It is unsurprising that there is resistance to this idea.The implications (more on that below) are horrific.The fact, though, is that robots and AIs are becoming rapidly more capable, and denial is not going to prevent organizations from selecting the most cost effective way to get jobs done. Even if the robot/AI solution has some limitations, the profit motive will win out (as anyone who has used call centers staffed by people who cannot communicate effectively in your language should recognize).
What are the implications? The most obvious is mass unemployment/under employment. This is going to create a huge disadvantaged class in rich countries. Proposals for a national basic income are well meaning, but unrealistic. It might happen in a very limited number of smaller countries, like Finland, but the elites in most countries who decide such matters will never willingly allow some of their wealth to be given to "non productive" members of society.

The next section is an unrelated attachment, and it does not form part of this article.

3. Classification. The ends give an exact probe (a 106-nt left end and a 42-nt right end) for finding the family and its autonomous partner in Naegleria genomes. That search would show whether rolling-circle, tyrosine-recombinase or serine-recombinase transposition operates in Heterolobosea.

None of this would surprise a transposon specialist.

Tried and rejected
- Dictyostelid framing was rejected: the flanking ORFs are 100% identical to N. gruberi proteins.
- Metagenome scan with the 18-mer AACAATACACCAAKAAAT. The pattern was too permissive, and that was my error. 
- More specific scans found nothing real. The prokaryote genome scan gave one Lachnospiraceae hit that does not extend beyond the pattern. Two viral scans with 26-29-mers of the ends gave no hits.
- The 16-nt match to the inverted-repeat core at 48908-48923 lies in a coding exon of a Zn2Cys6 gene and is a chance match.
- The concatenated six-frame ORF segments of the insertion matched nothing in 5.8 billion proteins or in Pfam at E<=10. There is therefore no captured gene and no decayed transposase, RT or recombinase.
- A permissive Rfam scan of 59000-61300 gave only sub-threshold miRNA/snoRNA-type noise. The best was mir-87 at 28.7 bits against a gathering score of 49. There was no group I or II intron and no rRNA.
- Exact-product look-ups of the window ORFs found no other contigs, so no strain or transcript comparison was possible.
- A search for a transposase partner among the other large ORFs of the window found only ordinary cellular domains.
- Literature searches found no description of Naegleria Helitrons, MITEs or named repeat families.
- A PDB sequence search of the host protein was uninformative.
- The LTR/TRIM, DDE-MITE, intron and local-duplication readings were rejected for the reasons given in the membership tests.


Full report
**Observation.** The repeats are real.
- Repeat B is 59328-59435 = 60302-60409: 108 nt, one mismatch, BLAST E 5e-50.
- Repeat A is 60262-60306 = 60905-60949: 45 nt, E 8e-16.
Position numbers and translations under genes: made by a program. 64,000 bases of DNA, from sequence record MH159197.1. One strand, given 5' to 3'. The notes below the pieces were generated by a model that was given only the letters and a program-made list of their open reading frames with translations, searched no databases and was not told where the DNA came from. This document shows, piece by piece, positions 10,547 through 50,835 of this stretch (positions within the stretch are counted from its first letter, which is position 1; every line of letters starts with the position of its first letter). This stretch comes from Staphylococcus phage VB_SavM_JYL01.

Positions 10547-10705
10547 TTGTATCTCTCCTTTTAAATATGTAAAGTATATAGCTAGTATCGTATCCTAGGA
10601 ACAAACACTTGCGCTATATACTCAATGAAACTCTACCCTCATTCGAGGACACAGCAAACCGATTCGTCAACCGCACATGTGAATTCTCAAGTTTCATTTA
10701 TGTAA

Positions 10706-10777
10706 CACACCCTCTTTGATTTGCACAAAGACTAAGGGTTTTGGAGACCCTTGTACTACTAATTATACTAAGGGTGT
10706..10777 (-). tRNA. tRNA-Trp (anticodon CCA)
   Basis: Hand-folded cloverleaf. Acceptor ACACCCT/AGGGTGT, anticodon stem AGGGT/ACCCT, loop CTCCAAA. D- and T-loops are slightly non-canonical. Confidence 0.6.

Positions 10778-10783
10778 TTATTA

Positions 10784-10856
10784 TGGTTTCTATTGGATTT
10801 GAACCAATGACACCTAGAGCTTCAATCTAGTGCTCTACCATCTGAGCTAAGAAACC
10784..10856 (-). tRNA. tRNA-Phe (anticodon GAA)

The BBC ran an interesting opinion piece recently (http://www.bbc.com/future/story/20170418-how-western-civilisation-could-collapse) that predicted a breakdown of Western civilization if gross and increasing levels of inequality continue to occur. I think those predictions ring true. Further, the piece does not even consider the problems introduced by huge segments of the population becoming completely surplus to the elite's needs.
There will be valuable jobs those displaced by robots and AIs could do, but they will be of no economic benefit to the elites to would have to put up the money to finance them.
Ever since I was a child, I have been reading about how automation would create more leisure time, and the challenge being how that leisure time will be used. The reality of the last 40 years is that those with jobs work harder than ever for the same or less money in real terms. Total wealth has increased, but (the predictions of trickle down economics notwithstanding) virtually all the increase has gone to the already wealthy.